5. Indoor Tests: Results and Analysis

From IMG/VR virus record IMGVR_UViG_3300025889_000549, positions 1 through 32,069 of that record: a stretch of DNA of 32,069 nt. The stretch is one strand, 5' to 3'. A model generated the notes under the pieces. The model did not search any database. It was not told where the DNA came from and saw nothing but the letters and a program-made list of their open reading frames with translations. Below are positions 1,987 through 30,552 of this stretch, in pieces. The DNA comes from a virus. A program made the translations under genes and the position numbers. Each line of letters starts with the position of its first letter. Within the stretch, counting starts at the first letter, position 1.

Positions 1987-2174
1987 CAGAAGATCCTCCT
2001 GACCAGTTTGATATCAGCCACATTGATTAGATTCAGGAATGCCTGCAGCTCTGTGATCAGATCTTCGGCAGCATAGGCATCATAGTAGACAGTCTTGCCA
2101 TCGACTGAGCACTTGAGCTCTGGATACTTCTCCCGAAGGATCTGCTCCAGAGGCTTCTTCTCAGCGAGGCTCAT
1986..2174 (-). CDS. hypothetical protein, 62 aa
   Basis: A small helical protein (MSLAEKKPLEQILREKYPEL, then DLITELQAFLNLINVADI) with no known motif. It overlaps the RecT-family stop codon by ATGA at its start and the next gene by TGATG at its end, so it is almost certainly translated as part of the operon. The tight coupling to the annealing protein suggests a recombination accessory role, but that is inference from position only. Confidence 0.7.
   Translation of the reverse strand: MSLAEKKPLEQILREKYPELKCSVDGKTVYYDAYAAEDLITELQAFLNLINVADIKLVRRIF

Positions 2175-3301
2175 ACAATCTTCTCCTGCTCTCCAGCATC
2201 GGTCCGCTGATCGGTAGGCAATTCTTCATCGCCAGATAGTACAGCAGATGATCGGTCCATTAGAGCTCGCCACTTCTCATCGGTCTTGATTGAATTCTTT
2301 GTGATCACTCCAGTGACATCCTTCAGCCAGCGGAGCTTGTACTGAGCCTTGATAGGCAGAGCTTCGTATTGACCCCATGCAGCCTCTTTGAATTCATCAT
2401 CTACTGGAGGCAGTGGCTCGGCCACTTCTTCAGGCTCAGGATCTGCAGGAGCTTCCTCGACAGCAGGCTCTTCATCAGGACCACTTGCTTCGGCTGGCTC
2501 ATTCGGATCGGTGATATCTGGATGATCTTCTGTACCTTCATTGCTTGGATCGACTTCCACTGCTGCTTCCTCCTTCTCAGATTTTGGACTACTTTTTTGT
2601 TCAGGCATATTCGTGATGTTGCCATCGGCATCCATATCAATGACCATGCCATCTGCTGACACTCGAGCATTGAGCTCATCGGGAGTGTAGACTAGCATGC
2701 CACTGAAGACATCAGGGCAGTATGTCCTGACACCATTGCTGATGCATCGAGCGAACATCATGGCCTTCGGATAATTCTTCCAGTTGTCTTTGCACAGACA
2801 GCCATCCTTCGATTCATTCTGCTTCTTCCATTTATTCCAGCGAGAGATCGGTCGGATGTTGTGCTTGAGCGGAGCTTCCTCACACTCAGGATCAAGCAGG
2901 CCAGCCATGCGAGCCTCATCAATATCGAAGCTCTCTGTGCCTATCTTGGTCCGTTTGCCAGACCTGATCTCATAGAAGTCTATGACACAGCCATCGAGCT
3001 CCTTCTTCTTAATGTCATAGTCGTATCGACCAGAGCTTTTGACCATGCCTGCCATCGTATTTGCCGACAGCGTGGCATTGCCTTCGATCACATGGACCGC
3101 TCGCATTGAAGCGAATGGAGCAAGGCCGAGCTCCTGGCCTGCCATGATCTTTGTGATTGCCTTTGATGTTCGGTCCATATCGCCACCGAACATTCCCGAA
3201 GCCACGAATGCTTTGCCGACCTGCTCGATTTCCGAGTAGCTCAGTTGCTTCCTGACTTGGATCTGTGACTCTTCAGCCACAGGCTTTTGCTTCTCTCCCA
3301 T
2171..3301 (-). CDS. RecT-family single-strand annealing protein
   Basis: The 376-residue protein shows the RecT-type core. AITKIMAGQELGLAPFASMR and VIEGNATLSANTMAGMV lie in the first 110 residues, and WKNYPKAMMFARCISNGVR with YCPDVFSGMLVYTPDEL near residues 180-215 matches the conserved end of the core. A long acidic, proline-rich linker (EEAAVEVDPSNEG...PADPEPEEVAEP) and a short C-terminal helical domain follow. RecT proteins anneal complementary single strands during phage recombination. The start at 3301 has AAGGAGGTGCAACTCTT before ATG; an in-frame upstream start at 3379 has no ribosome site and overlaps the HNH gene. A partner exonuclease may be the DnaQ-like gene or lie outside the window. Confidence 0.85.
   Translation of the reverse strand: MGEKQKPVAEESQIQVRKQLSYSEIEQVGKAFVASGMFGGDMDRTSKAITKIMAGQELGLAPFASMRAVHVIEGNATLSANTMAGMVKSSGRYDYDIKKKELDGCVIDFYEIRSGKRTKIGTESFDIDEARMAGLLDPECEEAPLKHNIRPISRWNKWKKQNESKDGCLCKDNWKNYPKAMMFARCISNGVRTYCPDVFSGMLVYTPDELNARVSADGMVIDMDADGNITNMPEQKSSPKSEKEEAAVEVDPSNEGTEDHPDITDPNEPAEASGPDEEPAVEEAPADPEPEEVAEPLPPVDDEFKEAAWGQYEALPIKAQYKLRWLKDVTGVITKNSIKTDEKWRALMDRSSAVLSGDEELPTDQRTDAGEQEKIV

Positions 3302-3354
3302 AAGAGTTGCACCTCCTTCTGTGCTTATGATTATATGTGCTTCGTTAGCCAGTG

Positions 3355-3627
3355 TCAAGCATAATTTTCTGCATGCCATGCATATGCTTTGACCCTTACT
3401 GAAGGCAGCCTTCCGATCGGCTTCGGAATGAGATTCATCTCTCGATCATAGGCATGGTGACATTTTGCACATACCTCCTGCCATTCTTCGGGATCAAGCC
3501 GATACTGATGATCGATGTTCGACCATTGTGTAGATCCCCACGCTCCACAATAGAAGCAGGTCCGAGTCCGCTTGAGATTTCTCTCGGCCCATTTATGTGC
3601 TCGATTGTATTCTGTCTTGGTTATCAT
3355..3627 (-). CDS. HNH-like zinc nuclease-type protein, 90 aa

Indoor experiments were conducted under stable ambient temperature. Considering every possible combination of the aforementioned OSs, DL frameworks, and CNNs (ArmNN v20.05 did not support SqueezeNet at the moment of performing these tests. Thus, we specifically employed v20.08 for this CNN) along with the two general cases, (a) and (b), a total of 80 inference scenarios were characterized. For all of them, the tests were properly extended until reaching steady-state performance. As an example, the longest indoor test lasted 5340 s for 32-bit OS/OpenCV/ResNet-50 with no cooling. The results are summarized in Figure 4, Figure 5, Figure 6 and Figure 7 and discussed below. Note that Figure 6 only shows the average steady-state CPU frequency for case (a) given that this parameter always keeps at its maximum (1.5 GHz) when active cooling was applied. Likewise, Figure 7 only depicts the fan usage for case (b). As a general comment, the variability of these results demonstrate the importance of carefully selecting a set of hardware and software components suitable for the target application.